Site of Delaware prison uprising to be demolished

The Vaughn Correctional building where prison inmates rioted, and where correctional officer Lt. Steven Floyd was murdered last year, will be demolished.

Correctional Sgt. Steven Floyd was beaten and stabbed to death during the uprising at the Vaughn prison. (File/WHYY)

Correctional Sgt. Steven Floyd was beaten and stabbed to death during the uprising at the Vaughn prison. (File/WHYY)

Delaware correction officials have decided to demolish the building at James T. Vaughn Correctional Center, which was the site of the February 1-2, 2017 inmate uprising and death of Lt. Steven Floyd.

Department of Correction Commissioner Perry Phelps announced plans to tear down the building, known as C Building, today. This demonstrates that the prison is moving forward and cultivating a new culture for the future, he said.

“Demolishing the building will serve as a point forward in the healing process and enable the staff at JTVCC to become stronger and stronger as each new day passes,” Phelps said.

Governor John Carney said it’s the right thing to do. “The building is a constant reminder of the senseless, brutal murder of one of DOC’s dedicated public servants — Lieutenant Floyd. To remove the building from the complex will aid in mental and emotional health of officers who work at JTVCC every day,” Carney said in a statement.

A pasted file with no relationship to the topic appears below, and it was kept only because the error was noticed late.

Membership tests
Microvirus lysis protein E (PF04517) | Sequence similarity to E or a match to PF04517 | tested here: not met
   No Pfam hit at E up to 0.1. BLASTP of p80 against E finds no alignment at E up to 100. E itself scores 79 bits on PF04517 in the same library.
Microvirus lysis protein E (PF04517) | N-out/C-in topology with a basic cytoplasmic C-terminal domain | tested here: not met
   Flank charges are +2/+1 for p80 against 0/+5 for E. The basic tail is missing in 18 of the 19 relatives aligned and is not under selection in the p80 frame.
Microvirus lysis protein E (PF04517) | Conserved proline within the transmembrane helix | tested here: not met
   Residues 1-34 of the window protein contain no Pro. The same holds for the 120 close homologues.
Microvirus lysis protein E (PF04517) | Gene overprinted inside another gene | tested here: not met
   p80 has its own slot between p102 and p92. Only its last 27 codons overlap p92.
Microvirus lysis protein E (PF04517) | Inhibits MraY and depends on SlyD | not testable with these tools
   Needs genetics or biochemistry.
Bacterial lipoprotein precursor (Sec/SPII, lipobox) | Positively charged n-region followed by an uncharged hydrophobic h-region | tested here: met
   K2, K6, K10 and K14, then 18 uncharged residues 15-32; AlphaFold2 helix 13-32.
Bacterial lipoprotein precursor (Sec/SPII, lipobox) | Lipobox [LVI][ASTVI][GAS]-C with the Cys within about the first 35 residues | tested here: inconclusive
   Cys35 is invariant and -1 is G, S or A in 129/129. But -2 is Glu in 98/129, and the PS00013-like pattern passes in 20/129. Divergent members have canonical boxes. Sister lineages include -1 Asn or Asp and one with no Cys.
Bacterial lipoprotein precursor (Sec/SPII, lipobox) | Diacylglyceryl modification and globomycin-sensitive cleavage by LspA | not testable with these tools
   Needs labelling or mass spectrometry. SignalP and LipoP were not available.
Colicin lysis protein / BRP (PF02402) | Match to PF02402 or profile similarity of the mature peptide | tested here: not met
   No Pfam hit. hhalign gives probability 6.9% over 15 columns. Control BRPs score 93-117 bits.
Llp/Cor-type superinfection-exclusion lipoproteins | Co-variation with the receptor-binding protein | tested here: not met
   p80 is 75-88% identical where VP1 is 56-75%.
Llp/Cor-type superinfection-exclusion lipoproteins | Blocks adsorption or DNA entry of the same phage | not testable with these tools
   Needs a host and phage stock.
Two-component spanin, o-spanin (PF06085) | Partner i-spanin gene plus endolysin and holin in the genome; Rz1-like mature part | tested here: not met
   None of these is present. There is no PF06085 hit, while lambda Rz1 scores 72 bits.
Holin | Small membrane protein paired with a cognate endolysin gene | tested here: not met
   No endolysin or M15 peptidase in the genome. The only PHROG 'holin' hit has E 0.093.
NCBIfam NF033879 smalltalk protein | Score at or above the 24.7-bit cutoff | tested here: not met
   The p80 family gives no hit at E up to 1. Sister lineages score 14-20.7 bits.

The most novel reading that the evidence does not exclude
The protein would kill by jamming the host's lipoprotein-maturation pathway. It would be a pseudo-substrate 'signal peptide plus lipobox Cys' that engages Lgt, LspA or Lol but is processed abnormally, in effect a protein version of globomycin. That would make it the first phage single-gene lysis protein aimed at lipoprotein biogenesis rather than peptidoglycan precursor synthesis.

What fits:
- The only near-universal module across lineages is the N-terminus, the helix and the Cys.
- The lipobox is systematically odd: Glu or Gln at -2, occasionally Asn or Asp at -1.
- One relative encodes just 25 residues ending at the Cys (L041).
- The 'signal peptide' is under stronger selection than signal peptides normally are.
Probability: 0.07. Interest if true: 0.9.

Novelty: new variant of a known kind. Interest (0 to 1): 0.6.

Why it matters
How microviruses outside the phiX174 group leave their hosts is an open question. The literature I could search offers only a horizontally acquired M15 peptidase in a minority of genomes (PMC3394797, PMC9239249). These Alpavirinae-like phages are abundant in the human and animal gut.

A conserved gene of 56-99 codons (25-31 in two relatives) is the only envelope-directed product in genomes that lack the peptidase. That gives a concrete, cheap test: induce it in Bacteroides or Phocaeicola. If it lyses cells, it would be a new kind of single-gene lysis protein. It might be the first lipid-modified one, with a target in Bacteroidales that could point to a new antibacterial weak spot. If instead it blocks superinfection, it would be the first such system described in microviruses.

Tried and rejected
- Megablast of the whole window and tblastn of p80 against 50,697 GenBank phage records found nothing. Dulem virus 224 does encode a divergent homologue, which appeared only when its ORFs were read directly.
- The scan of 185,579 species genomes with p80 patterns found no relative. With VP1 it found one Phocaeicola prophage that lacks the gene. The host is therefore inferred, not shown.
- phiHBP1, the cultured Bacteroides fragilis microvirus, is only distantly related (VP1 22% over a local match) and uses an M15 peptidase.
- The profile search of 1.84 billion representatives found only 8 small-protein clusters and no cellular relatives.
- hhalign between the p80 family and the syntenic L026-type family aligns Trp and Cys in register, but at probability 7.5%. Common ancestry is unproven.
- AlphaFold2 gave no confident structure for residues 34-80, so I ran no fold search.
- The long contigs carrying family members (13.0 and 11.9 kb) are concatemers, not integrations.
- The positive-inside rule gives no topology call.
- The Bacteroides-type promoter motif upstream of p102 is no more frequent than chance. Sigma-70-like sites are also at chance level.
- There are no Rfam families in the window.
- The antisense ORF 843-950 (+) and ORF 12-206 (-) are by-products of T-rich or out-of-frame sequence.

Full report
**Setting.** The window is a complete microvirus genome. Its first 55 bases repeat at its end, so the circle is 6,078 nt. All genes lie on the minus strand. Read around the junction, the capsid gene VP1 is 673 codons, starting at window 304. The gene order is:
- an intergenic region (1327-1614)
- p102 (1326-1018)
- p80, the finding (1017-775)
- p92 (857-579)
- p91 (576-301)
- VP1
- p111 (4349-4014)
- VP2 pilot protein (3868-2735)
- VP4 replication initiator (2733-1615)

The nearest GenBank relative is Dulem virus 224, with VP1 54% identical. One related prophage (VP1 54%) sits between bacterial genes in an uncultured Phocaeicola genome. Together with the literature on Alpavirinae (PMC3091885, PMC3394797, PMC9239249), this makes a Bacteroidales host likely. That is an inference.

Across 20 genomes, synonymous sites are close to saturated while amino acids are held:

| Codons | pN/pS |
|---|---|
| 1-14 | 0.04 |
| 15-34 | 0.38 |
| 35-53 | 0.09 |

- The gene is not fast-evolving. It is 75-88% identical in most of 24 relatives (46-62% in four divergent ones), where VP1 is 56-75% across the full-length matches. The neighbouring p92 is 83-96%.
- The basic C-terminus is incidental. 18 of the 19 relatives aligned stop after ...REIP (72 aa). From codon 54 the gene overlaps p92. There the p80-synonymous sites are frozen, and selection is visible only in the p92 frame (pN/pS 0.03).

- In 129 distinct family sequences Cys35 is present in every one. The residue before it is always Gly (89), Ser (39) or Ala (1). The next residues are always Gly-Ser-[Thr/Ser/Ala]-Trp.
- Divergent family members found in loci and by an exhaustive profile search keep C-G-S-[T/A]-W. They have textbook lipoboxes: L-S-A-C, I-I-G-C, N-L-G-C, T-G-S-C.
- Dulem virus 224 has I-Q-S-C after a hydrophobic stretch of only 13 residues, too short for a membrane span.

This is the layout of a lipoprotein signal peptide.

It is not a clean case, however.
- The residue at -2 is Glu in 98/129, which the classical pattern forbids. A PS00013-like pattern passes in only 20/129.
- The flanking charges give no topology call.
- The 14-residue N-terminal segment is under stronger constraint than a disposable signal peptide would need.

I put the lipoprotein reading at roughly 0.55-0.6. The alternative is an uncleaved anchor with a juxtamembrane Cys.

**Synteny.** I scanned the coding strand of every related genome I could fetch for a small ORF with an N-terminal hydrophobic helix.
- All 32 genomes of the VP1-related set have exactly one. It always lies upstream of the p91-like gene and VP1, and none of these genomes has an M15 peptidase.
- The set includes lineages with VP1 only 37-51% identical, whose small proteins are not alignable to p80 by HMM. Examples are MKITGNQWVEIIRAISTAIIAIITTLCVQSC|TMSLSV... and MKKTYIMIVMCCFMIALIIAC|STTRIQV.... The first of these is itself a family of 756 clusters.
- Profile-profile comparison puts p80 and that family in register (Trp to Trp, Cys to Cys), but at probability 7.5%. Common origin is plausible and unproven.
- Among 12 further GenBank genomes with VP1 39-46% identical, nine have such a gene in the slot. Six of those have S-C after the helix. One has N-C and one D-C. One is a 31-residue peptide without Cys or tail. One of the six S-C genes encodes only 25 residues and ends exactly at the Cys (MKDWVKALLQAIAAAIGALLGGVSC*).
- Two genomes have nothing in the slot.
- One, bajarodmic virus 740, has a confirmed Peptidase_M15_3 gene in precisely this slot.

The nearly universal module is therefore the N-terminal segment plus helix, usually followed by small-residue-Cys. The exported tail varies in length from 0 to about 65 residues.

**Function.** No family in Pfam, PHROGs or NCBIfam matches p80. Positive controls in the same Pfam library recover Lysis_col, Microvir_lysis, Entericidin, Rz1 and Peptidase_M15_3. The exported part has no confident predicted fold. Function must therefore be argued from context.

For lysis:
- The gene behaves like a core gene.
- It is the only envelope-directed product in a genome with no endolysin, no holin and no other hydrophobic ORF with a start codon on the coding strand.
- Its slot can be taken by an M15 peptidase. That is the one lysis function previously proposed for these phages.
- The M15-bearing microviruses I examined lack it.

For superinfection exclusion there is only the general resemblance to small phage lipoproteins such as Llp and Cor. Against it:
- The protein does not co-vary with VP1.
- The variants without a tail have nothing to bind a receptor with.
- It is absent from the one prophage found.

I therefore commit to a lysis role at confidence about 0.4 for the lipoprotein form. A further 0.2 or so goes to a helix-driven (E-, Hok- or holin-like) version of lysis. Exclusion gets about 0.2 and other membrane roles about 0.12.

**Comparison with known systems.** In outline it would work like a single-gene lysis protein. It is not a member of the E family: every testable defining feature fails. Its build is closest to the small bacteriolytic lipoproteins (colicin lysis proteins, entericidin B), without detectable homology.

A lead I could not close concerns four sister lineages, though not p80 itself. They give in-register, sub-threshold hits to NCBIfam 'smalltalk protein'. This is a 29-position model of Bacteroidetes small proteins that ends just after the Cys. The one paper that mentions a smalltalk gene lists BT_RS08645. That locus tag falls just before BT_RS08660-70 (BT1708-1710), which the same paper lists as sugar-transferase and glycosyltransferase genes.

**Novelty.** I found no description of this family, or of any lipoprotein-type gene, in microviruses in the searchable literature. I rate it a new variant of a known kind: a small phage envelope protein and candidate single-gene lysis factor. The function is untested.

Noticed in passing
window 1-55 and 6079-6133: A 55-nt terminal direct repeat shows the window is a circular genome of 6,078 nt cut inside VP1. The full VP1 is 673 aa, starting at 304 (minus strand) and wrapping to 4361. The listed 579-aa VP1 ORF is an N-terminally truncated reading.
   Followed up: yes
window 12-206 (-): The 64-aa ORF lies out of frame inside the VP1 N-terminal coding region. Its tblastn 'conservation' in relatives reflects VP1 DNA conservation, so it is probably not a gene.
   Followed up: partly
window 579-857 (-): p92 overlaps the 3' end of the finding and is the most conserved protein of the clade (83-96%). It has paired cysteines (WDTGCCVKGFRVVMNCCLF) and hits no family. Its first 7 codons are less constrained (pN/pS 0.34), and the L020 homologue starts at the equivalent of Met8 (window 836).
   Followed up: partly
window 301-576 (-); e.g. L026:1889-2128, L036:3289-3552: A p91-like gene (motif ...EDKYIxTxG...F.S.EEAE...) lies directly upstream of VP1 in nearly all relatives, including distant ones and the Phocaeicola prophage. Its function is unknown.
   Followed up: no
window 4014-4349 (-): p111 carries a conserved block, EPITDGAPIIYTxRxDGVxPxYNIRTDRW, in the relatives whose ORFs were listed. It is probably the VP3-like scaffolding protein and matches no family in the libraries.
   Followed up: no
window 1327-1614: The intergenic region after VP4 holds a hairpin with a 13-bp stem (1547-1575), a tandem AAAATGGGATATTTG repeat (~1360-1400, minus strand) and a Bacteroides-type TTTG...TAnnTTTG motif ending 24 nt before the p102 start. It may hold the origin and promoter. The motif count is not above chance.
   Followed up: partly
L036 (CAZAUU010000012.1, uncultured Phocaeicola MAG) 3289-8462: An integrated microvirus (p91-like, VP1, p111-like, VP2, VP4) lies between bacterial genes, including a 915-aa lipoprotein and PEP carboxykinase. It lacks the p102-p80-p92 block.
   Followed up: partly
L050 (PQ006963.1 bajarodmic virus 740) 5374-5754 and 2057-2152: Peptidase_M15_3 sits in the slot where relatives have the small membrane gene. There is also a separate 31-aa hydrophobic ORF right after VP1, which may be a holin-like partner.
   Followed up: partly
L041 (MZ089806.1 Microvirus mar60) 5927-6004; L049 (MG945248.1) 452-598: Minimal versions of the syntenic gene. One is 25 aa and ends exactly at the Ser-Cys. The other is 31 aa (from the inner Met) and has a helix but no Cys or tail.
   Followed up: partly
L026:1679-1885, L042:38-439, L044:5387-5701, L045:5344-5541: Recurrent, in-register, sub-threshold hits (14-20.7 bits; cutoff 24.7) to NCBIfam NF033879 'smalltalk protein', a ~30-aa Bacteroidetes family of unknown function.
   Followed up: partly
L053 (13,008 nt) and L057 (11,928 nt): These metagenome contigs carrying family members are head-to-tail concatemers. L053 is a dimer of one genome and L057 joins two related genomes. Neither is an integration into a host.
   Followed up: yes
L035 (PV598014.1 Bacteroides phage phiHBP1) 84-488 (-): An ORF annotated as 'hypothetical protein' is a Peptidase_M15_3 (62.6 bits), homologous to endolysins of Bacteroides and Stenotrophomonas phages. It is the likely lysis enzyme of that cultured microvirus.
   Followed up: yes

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Warden Dana Metzger, who was named to the position last July said, “Lt. Floyd’s memory and selfless service are always with us. By tearing down C Building we continue to move JTVCC forward.”

An independent report found a dysfunctional, adversarial culture between prison leaders and rank-and-file, and correctional officers and inmates, both of which, the report says, contributed to the deadly siege. The state has since increased salaries and is offering incentive bonuses for new correctional officers. With fewer vacancies, the governor says inmates will have more consistency when it comes to things like visitation, creating a safer environment for inmates and guards.

On Tuesday, Carney will release the final report from the DOC Special Assistant Claire DeMatteis, who was tasked last year with reforming management practices and training at the prisons.

The 12,700 square foot building housed up to 135 medium-security inmates. It has been vacant since February 2, 2017, when the hostage standoff ended after nearly 20 hours. The inmates who were previously housed there have been moved to other correctional facilities.

The Delaware Department of Correction expects to start demolition this fall, with funding approved in the state’s fiscal year 2019 Bond Bill.


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